5 Determination of the normalization level of database schemas 3 Some properties of equivalence classes of attributes In this section a brief overview of several properties of equivalence classes of attributes is given. And their proofs are presented in [6]. Theorem 1. ([6], Theorem 2). Set X is a determinant of set S 1... Sn under F, if and only if X is determinant of set T 1... Tm under F. Lemma 2. ([6], Lemma 3). If X is a determinant under F of set T 1... Tm, then Z, where Z = X (T 1... Tj ) and j = 1, m, is a determinant for T 1... Tj under F. Theorem 2. ([6], Theorem 4). If set of attributes X is a determinant of set T 1... Tm, then X T i, where i = 1, m. Corollary 1. ([6], Corollary 3). If an attribute A in S 1... Sn is prime in scheme Sch = ( n i=1 S i, F ), then A m i=1 T i. Corollary 2. ([6], Corollary 4). If an attribute A in S 1... Sn is nonprime in scheme Sch = ( n i=1 S i, F ), then A ( n i=1 T i). Theorem 3. Let X Y F +, where X is a determinant for Y under F and X, Y T 1... Tm. For a T j, where j = 1, m, the following takes place: if Y T j, then X T j. Proof. The soundness of this statement is proven by contradiction: let Y T j, but X T j =. Evidently that X T 1... Tj 1 Tj+1... Tm and X (Y T j ) F +. Let X, where X X, is a determinant for Y T j under F. According to Lemma 1, on the contribution graph of set F of dependencies, from every vertex labeled with an attribute in X there exists a path to a vertex labeled with an attribute in Y T j. Thereby, X T 1... Tj 1. But in this case, T j is redundant. A contradiction has been reached. Using above structures and statements it will be shown that the problem of determination of the normalization level has polynomial complexity. In the following sections, in terms of equivalence classes of attributes, sufficient and necessary conditions for a relation scheme to be in a normal form are presented. 127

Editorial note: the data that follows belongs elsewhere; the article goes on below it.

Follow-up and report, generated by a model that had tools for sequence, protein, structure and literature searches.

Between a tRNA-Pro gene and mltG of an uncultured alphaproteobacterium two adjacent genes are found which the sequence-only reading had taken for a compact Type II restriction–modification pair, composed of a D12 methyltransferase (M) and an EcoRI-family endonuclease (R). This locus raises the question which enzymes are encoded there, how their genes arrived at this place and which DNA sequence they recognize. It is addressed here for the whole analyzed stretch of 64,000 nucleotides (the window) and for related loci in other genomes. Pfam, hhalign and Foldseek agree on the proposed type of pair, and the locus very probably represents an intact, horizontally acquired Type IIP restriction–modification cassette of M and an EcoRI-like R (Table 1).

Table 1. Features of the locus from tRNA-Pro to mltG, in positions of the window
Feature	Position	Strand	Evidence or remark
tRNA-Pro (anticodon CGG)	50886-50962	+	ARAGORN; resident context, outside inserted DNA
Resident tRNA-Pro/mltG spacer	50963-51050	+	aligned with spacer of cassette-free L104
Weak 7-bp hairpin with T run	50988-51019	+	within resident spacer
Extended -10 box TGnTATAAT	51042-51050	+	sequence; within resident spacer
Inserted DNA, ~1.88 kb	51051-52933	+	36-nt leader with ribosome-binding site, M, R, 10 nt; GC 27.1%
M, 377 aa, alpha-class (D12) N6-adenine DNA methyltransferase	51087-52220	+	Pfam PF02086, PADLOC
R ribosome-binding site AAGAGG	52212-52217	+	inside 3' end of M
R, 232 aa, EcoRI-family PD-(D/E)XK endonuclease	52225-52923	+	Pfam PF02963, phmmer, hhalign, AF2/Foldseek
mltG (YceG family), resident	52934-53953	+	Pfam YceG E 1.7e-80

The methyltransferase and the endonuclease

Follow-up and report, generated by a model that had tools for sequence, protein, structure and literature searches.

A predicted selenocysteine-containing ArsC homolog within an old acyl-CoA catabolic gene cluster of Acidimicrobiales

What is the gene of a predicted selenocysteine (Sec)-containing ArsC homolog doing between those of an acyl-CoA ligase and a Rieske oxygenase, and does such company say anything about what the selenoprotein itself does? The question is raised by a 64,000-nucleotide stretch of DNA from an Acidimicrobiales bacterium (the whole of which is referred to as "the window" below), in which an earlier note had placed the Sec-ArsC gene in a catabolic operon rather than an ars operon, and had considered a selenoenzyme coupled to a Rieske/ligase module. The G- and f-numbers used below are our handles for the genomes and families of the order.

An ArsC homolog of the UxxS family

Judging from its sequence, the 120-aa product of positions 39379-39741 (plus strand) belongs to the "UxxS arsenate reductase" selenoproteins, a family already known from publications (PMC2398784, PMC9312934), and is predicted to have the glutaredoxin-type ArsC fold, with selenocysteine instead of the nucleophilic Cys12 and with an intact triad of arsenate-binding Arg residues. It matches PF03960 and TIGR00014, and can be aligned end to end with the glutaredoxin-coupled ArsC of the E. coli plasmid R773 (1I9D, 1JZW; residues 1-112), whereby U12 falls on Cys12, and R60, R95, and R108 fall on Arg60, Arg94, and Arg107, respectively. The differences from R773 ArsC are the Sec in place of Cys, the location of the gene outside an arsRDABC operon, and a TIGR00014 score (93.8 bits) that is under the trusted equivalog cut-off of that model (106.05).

6 Vitalie Cotelea 4 Second normal form Thus, the relation scheme in the 2NF can be defined: Definition 1. [9]. Scheme Sch = ( n i=1 S i, F ) is in the 2NF under a set of functional dependencies F, if it is in 1NF and each nonprime attribute in n i=1 S i doesn t partially depend on every key for Sch. Database schema is in the 2NF, if each constituent relation scheme is in the 2NF. Definition 2. [9]. Let X A F be a nontrivial functional dependency (namely A / X). An attribute A is called partially dependent on X, if there exists a proper subset X of set X, such that X A F +. If such a proper subset doesn t exist, then A is called that completely depends on X. Proposition 1. If set of attributes X is a determinant for attribute A under set of attributes F, then A completely depends on X. The next theorem gives a characterization of the 2NF in terms of equivalence classes of attributes. Theorem 4. Relation scheme Sch = ( n i=1 S i, F ) is in the 2NF, if and only if it is in the 1NF and for every T j, j = 1, m, ( m i=1 T i T j ) + = m i=1 T i T j takes place. Proof. Necessity. Let scheme Sch = ( n i=1 S i, F ) be in the 2NF. Then every nonprime attribute A, that is a member of set n i=1 S i m i=1 T i completely depends on every determinant X of set S 1... Sn. According to Theorem 1, X is a determinant of set T 1... Tm. In addition, X T 1... Tm. Assuming to the contrary, that Sch is in the 2NF, but there is an attribute A ( m i=1 T i T j ) + such that A / ( m i=1 T i T j ). There are two cases: either A T j, or A ( n i=1 S i m i=1 T i). Let A T j. From the construction of contribution graph, follows that (T 1... Tj ) A F +. Because A ( m i=1 T i T j ) +, namely A ( j 1 i=1 T i T j ) +, then (T 1... Tj 1 ) A F +. But this contradicts the fact that set T j is nonredundant. 128